Shawnee Hills police Chief Russell Baron was suspended for three days without pay by the Village Council on July 9.
Mayor Pat Monahan recommended the punishment for Baron's misuse of a car donated for undercover surveillance, drinking alcohol while using it and lying.
Because Baron is permitted to use two personal days in place of the suspensions, his effective discipline is one day, said Shirley Roskoski, fiscal officer for the Delaware County community.
The council's 4-2 vote July 9 resolved an investigation that began Feb. 6, when Baron was seen by an undercover agent with the Ohio Bureau of Criminal Investigation inside the Bogey Inn in Dublin drinking two beers and later that night at another bar having as many as four other drinks.
Baron was off duty at the time, but was driving a 2012 Ford Explorer donated by Nationwide Insurance to Shawnee Hills police to be used solely for undercover investigations into insurance fraud.
Council members Doug Gil and Renee Matney voted against the suspension.
"It is an outrage," said Gil, who had recommended Baron be fired. "This individual should be held accountable for his actions. We are sending the wrong message to everybody. He lied to all of us."
A council member for two years, he said he plans to resign to express his disappointment in the decision.
Council members Mary Gates, Dan Matthews, Jeff Stacy and Robert Thatcher voted for the three-day punishment.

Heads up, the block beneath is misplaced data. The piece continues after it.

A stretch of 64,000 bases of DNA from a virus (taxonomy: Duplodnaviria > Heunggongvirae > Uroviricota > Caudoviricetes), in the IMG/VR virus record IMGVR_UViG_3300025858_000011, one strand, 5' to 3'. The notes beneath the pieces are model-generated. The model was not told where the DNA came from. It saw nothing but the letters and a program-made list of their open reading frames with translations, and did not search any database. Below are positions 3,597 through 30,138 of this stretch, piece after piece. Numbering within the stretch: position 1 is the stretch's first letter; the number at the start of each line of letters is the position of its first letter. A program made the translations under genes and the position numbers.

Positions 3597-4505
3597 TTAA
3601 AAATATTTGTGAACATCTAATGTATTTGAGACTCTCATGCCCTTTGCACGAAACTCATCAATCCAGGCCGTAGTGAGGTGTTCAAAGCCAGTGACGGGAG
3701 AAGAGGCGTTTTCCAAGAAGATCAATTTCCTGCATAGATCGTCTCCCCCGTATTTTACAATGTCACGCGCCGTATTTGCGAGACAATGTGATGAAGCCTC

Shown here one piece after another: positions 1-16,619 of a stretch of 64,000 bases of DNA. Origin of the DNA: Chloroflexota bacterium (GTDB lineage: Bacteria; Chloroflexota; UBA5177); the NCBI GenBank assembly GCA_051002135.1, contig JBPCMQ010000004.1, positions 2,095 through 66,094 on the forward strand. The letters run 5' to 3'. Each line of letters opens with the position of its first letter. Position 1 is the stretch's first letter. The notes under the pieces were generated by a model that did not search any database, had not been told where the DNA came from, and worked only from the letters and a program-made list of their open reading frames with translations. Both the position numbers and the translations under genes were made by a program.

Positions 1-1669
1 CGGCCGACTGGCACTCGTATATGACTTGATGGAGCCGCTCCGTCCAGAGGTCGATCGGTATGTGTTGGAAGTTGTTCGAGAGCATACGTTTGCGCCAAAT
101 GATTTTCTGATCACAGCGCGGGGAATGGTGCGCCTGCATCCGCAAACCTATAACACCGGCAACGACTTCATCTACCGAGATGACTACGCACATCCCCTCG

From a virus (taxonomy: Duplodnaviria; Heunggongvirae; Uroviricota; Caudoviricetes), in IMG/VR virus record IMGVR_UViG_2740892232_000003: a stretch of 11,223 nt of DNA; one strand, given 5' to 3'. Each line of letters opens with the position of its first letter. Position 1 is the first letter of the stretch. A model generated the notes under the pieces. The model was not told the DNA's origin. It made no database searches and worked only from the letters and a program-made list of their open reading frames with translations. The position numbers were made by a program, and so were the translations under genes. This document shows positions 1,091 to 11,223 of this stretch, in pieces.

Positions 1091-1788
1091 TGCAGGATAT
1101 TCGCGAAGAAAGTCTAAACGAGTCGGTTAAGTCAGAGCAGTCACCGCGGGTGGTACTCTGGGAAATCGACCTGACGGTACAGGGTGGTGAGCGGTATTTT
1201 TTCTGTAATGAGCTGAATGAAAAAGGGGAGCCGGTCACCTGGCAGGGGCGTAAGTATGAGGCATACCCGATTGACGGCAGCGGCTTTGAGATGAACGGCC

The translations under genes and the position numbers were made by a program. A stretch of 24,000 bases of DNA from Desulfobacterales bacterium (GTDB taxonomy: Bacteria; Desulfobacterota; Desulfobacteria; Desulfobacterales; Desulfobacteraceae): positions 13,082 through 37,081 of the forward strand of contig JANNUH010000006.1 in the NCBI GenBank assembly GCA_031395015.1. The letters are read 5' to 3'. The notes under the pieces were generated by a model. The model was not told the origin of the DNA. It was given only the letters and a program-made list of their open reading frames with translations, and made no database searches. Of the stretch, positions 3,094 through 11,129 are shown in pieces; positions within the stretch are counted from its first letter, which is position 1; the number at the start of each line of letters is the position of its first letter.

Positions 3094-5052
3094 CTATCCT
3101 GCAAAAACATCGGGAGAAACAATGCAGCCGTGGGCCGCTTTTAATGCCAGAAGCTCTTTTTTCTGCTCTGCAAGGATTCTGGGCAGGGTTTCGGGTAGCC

Baron initially told Delaware County Sheriff's Deputy Charles Gannon that he had drunk one beer. After Gannon conducted field-sobriety tests, he concluded that Baron was impaired, at which point Baron admitted to having drunk 2 1/2 beers, according to the reports.
Baron twice refused to allow blood-alcohol tests at the Delaware County jail. Several hours after he was stopped, he tested at 0.04 percent, half the volume at which an Ohio motorist is presumed to be impaired.
"He was wrong in consuming alcohol while driving that car," Monahan has said. "But this is going to be on his record. And that is probably intimately worse to him than three days off."
Baron, who is paid about $50,000 annually, could not be reached to comment.
Baron is the second consecutive police chief in the small Delaware County village to face discipline.
Sean LeFever lost his job about two years ago after pleading guilty to one count of theft in office, stemming from an accusation that he improperly paid himself during special duty assignments.